- 99% or Rs. 934 m borne by SLPP and NDF between 14-31 Oct.
- SLPP accounts for 60%, NDF 39%
- Total expected to nearly double from 2015 polls
- As official data limited, data gathered through stringent analysis, cost estimates
- CMEV calls for new financing legislation
By Madushka Balasuriya
A new report by election monitors released yesterday estimates that the Sri Lanka Podujana Party (SLPP) and the New Democratic Front (NDF) have accounted for nearly Rs. 1 billion in election campaigning expenses between 14-31 October.
The staggering figure accounts for some 99% of the total election-related expenditure during the given time frame, added the report, with the SLPP’s Rs. 574 million expenditure making up 60%, and the NDF’s 372 million the remaining 39%.
The findings were disclosed in Colombo by the Centre for Monitoring Election Violence (CMEV), whose Election Campaign Cost Monitoring initiative is part of its broader mission of monitoring election violence. The special unit, according to CMEV, is a step towards greater transparency and accountability in election campaign financing.
“In Sri Lanka, there is no legal framework or regulatory mechanism for election campaign finance and finance costs. However, the advocacy efforts on the part of civil society organisations, led by election monitoring bodies, will continue until a formal and legally enforceable legislation or a regulatory on campaign finance is formulated and implemented,” stated a media release.
“The main objective is not to just focus on figures, but to create public and societal discourse on the impact of unlimited and unregulated election campaign financing, and in turn highlight the dire need for campaign financing legislature in Sri Lanka.”
As per the findings, in the 2019 Presidential Election set to take place on 16 November, it is estimated that campaign-related expenses of all candidates will reach some Rs. 5.5 billion, nearly double the amount incurred in the 2015 elections (Rs. 2.705 billion), and almost eight times as much as what was spent by candidates in 2005 (Rs. 712 million).
The CMEV report focuses on four key areas: printed media, electronic media, social media, and other costs (ground level campaigning - public rallies, meetings, visibility items, and also costs affiliated with the misuses of state property etc.)
It must be noted however that these estimates are just that: estimates. Procuring official data and information on campaign-related activities is notoriously difficult in Sri Lanka, and as such much of the estimates have been garnered through in-depth research and analysis into each of the candidate’s public campaigning efforts.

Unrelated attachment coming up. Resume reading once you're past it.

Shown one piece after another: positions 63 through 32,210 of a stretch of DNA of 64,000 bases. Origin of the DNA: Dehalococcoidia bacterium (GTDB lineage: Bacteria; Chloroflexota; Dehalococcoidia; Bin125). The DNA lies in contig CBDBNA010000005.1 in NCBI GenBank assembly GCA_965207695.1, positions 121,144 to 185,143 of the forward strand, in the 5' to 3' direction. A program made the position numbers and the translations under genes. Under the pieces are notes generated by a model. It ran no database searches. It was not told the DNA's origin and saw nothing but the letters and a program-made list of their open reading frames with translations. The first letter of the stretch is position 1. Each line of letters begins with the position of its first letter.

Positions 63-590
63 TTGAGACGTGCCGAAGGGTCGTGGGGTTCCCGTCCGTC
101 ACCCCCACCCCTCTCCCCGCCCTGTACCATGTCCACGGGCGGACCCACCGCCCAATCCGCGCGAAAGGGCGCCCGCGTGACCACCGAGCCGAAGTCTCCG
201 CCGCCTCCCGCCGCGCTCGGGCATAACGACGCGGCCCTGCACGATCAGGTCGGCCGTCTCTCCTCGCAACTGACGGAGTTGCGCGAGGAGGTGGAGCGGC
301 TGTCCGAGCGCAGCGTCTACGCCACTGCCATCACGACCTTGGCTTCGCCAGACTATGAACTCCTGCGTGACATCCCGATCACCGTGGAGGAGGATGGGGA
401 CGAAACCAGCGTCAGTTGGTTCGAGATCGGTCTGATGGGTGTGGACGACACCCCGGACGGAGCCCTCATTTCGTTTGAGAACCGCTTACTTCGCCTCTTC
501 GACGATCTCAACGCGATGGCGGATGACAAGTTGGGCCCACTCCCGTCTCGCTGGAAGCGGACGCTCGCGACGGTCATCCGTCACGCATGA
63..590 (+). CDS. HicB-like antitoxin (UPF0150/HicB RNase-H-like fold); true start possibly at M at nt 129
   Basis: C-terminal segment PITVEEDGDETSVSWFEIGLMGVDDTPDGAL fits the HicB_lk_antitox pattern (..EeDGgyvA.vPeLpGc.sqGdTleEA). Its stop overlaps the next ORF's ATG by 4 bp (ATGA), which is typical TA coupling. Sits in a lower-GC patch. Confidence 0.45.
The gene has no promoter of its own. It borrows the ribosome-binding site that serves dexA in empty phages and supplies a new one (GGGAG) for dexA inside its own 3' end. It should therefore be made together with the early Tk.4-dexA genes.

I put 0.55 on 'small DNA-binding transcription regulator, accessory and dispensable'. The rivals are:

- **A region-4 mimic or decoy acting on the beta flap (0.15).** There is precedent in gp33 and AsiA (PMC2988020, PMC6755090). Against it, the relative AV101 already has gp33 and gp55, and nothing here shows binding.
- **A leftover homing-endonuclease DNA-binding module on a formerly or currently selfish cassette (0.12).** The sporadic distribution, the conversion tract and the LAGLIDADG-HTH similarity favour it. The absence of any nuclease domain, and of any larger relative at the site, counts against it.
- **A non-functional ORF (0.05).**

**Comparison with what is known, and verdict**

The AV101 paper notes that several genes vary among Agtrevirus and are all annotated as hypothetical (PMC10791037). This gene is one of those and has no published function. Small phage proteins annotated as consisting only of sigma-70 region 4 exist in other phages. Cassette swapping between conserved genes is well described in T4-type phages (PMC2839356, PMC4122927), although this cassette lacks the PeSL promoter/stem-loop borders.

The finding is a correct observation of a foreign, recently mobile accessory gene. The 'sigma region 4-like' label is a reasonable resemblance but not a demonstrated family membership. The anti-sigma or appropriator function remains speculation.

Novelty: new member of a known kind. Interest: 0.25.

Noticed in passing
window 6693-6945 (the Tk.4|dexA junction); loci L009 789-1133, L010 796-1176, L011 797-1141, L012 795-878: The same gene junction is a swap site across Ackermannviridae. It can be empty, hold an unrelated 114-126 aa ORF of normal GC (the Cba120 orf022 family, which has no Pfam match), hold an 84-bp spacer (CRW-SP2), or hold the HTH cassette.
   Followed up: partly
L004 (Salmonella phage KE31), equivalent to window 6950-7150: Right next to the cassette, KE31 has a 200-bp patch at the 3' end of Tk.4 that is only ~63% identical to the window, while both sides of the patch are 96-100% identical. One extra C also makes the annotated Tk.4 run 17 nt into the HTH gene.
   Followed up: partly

“This is only an analysis of official expenditure, and does not include unofficial costs. However as it stands, there is no way to see the source of campaign financing, and even what is disclosed for us to see where exactly it has been spent,” explained CMEV National Coordinator Manjula Gajanayake at a media briefing yesterday.
“We used publicly available information, in terms of ads taken out in print and online; we scoured through thousands of pages on Facebook trying to decipher what exactly constituted a political advert. We also acknowledge that some work done for campaigns might be on a volunteer basis, but there is no way to differentiate that at the moment.”
On the whole, however, the findings paint as accurate a picture as there has ever about election campaign financing, while also asking pertinent questions about the source of the financing and the credibility of candidates, who may be indebted to ghost donors after being elected.
“Where the money comes from, whether it’s drug money, or elsewhere, will remain unknown.” Gajanayake also added that of the three main candidates, only National People’s Power candidate Anura Kumara Dissanayake had come anywhere close to disclosing the actual cost of his campaign’s financing. During the 14-31 October period, Dissanayake’s NPP party had incurred Rs. 15 million in election-related expenses.
“You can go to the Election Commission website where parties have given their accounts. The NPP is the only party that comes close to the estimate, the others don’t make sense. So when these main parties say that their financing capacity is around 10 million rupees, but end up spending millions more, where is that money coming from? This is why we need transparency.
“And if you consider that the estimate for the entire election is 5.5 billion, we think at this rate it could go as high as Rs. 10 billion.”
In total, CMEV has 17 staff members stationed in the campaign finance and monitoring unit, which includes two data analysts and two data-entry personnel. The initiative is meanwhile is conducted with the help of Management Systems International, Inc. (MSI) of USAID, which is providing Rs. 7 million in financial support.